were regulations requiring Myers to determine existing conditions
on the work site before starting work on or near electrical
lines, and to conduct at least one pre-job briefing and
additional briefings if the work changed.*fn3 The evidence in connection with the Mt. Prospect incident in which
Blake Lane died (for which Myers was found guilty) showed that
Lane, a new apprentice, was killed when he came in contact with
the energized static line on the west side of a transmission
tower. After working without incident on a "static" line on the
east side of the tower, Lane was directed by Darrin West, Myers'
foreman, to move over to the west side to check on the line
there. The west line was energized and not grounded, and Lane was
killed. There was an insulator on the tower in proximity to the
west line, which was an indication that the static line on that
side was energized and not grounded to the tower. There was
evidence that the insulator was large enough to be visible from
the ground. Darrin West testified that this was the first time he
had worked in Chicago. He testified that he had had no training
about working in a major metropolitan area. He admitted that he
received a work order before starting the work, and that he did
not read it. He used the work order only to obtain the materials
needed for the job, and did not see that it specified that work
was to be done on both sides of the tower. He admitted that he
gave Lane no information about the west side of the tower, and
did not determine that the line on the west side was energized.
West and Lane had climbed the tower to work on the east side, and
West was in the process of lowering tools down when he ordered
Lane over to the west side. West did not see the insulator from
his location. He also admitted that, under OSHA regulations, a
line is to be presumed energized, unless demonstrated not to be. West admitted being aware of OSHA regulations requiring a
pre-job briefing and determining existing conditions. The
existence of an insulator was notice that the static line on the
west side was energized. The insulator was visible from the
ground, but West did not look at the west tower before climbing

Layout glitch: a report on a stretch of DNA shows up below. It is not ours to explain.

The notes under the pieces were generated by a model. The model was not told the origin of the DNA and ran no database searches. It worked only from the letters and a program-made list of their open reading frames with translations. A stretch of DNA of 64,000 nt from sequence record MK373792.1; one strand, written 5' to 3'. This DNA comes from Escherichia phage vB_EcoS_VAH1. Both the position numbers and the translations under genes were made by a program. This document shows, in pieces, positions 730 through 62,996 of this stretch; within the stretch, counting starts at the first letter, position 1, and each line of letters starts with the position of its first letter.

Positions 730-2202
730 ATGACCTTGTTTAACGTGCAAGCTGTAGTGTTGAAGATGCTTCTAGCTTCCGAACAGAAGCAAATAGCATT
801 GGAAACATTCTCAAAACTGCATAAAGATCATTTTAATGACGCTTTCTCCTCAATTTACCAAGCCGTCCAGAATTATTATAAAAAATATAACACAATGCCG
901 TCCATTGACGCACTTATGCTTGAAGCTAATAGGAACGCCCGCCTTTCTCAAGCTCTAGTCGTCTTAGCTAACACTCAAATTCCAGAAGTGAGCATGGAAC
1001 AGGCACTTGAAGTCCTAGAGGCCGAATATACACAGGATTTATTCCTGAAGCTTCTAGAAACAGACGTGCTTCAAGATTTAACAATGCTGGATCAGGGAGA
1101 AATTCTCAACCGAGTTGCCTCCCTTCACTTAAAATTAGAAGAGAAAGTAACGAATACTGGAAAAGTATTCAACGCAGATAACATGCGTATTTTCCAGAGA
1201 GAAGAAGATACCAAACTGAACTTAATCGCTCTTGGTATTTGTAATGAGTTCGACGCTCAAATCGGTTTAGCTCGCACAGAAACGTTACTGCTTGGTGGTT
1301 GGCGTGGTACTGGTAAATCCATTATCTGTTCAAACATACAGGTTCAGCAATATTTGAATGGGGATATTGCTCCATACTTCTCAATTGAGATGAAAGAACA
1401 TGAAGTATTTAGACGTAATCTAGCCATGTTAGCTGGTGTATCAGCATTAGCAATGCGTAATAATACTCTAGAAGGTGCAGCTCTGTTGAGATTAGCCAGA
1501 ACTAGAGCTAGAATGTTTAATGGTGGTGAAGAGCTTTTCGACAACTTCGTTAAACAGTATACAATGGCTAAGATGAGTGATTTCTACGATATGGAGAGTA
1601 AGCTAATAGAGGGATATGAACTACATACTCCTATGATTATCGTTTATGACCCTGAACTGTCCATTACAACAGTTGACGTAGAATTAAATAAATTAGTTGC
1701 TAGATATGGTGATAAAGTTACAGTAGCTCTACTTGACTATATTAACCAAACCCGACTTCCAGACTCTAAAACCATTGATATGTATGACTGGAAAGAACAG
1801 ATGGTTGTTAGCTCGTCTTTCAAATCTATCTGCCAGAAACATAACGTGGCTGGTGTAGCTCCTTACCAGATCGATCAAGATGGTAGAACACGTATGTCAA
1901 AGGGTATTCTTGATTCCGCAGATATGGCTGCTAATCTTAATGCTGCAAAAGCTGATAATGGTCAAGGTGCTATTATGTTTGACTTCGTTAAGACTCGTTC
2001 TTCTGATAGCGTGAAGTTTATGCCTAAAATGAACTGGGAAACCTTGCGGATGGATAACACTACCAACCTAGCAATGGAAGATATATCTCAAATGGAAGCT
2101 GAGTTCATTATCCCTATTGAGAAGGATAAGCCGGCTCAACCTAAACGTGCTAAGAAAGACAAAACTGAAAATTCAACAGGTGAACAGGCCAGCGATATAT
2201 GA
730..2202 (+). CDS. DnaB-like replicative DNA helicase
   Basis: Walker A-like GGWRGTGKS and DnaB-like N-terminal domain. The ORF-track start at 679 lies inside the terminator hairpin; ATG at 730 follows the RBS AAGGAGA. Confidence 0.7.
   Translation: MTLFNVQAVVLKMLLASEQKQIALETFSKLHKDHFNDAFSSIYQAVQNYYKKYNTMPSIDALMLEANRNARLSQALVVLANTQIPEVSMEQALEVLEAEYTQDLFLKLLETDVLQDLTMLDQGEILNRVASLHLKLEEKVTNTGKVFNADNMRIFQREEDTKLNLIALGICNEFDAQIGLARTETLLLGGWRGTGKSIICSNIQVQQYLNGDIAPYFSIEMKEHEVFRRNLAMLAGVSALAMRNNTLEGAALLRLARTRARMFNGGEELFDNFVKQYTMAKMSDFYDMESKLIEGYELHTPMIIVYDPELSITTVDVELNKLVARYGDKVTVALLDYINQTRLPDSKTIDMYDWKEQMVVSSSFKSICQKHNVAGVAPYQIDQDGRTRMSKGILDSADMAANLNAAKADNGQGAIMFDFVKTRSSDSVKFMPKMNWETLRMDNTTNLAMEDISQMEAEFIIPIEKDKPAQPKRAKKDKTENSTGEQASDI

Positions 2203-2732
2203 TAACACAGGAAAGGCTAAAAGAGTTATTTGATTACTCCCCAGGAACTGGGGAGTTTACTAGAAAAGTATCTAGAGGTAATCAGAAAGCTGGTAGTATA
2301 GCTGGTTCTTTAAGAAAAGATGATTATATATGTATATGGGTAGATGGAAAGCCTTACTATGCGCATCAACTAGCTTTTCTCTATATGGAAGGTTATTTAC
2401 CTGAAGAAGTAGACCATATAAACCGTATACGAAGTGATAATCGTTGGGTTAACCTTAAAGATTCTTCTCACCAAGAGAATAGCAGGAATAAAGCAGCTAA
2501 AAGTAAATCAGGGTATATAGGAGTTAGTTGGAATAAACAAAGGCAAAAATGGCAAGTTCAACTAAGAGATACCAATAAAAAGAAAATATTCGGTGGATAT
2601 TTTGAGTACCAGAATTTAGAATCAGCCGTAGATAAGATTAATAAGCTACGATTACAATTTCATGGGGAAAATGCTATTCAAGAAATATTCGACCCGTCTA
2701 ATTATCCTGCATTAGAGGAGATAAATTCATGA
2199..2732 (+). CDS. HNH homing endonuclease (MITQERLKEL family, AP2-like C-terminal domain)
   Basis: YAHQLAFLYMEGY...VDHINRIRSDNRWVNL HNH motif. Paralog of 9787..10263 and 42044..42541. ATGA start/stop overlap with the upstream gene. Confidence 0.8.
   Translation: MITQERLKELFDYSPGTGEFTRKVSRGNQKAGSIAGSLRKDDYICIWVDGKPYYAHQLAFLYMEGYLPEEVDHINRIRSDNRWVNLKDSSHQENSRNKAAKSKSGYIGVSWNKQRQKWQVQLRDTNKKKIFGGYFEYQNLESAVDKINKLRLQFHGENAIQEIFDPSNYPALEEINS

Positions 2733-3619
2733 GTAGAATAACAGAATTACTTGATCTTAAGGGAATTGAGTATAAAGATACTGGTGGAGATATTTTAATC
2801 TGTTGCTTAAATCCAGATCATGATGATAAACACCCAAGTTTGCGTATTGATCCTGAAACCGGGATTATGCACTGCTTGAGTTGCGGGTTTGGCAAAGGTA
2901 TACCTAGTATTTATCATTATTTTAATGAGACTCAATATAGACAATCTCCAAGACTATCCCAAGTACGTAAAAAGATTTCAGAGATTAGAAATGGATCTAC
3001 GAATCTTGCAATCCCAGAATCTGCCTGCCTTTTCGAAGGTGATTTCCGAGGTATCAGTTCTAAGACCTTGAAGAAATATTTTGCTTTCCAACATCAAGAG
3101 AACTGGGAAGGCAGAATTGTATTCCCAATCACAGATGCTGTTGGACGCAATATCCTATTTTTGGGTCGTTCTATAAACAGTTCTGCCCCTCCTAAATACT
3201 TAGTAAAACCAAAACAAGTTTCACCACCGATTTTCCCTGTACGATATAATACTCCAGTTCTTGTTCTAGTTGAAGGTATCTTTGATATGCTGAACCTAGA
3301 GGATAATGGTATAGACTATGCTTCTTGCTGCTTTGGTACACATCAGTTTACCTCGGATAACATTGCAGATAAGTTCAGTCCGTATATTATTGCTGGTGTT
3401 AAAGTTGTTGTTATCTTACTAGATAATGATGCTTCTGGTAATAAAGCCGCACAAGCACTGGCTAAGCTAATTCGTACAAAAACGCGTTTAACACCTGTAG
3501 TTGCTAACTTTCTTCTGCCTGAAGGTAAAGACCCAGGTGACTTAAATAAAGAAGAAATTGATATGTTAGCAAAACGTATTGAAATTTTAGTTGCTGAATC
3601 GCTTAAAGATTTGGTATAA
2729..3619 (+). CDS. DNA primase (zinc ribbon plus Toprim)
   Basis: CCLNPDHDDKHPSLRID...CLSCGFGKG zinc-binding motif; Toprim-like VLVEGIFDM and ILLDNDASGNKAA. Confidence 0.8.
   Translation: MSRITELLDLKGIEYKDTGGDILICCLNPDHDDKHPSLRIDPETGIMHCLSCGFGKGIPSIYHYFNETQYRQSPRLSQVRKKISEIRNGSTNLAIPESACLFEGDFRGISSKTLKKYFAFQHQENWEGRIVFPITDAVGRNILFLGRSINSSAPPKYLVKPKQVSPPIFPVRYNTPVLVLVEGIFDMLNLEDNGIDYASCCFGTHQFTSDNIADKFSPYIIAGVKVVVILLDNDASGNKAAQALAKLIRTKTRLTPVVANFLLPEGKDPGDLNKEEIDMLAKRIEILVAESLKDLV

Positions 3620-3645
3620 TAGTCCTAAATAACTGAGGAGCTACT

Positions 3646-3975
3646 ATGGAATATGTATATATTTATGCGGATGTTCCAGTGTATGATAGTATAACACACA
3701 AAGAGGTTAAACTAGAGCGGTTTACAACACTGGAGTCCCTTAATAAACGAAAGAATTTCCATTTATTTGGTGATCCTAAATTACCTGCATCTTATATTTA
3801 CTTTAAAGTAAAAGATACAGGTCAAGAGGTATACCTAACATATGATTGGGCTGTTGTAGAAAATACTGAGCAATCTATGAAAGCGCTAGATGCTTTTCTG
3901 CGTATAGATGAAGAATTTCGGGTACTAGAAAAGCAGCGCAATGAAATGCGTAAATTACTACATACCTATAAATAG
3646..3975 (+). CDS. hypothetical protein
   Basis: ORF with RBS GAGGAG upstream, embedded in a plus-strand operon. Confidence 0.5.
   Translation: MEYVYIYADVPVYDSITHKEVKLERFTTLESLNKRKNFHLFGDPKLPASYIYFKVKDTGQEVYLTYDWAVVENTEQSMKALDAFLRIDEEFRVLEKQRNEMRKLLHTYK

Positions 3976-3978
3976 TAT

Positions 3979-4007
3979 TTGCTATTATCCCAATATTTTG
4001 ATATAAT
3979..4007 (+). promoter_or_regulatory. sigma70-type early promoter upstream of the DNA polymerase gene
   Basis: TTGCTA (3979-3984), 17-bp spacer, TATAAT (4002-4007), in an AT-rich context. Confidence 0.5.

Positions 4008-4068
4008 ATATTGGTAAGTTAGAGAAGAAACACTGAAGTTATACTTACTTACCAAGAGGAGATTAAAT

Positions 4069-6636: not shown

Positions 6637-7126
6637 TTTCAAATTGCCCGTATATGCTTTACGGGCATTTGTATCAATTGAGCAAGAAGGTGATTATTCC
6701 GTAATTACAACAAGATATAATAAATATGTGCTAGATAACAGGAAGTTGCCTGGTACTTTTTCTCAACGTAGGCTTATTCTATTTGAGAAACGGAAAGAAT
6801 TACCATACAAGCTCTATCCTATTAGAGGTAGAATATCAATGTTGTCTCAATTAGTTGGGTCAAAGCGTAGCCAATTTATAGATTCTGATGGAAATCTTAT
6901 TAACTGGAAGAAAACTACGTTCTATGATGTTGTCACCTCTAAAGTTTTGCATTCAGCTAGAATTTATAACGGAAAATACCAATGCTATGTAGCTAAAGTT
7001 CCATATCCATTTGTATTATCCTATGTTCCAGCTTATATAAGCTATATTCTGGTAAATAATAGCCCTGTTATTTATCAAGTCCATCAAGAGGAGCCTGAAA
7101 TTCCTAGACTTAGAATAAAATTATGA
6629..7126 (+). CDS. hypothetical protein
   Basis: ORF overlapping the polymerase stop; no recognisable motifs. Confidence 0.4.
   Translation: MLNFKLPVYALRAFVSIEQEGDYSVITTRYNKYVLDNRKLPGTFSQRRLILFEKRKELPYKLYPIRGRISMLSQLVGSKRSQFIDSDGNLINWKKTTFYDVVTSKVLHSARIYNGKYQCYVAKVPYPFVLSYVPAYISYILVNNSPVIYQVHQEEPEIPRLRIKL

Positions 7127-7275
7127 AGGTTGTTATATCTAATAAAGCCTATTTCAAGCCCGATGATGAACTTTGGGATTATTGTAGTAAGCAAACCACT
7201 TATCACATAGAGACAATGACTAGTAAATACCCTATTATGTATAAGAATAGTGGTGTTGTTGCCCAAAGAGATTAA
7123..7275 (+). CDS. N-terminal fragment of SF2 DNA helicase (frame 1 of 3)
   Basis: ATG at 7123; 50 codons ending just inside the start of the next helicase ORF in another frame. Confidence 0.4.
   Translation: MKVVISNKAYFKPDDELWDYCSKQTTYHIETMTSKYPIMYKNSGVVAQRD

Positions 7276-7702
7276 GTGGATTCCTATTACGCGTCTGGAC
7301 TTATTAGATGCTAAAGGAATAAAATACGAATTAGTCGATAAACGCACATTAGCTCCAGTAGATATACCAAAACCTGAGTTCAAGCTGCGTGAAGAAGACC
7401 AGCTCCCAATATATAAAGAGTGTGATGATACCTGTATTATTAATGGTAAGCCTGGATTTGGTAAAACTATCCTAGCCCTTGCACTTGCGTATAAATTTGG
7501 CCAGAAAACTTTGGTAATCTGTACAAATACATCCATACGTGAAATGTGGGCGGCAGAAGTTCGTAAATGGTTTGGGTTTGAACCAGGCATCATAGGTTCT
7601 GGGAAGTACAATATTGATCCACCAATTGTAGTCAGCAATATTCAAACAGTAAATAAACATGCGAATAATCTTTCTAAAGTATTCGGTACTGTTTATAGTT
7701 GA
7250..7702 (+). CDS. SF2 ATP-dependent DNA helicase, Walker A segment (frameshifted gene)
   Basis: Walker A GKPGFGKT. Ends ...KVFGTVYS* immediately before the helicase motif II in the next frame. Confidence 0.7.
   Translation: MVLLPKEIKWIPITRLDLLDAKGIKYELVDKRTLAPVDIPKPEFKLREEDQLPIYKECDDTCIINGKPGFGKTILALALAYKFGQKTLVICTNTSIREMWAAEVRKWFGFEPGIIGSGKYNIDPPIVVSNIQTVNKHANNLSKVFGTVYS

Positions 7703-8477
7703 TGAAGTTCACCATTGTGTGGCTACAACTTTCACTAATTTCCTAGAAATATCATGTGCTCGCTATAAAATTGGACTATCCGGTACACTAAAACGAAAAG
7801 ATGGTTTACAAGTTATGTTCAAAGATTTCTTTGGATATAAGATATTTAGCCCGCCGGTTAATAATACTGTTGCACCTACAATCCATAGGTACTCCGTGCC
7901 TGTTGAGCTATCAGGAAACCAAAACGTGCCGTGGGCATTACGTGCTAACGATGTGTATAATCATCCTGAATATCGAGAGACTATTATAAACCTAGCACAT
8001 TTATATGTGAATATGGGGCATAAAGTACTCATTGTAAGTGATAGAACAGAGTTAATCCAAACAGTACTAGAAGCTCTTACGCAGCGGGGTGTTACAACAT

the tower to start the work, and thus failed to determine the
existing condition of the wire on the west side before starting
the work. Because he had not looked at the work order, he was
expecting to work only on the east side. When he ordered Blake
Lane to the west side, he did not hold an additional pre-job
meeting to see if the safety conditions of the work had changed.
From that evidence, the jury could properly conclude that West
either actually knew that he had not complied with the OSHA
regulations or that he was deliberately avoiding knowing that he
did not comply with them.
The ostrich instruction was also justified by evidence relating
to the Plainfield incident in which Wade Cumpston was killed. The
fact that Myers was acquitted on that Count confirms that the
jury was not confused by the instruction into lowering the
government's burden of proof. Michael Young, a lineman at the
Plainfield site, testified that some of Myers' grounding
equipment at the Plainfield site had the wrong clamp end for
working on a tower, and that grounding cables were too short,
making the space for working smaller. He claimed that those
problems had been discussed with Clifton Gooch, Myers' foreman at
the Plainfield site. However, during his testimony, Gooch wavered
about whether he had actual knowledge of hazardous conditions at
the Plainfield site, at one point testifying that he had no
concerns about the safety of his crew before the accident and
that the equipment was proper, but also testifying that he knew
the crew was using 2-aught ...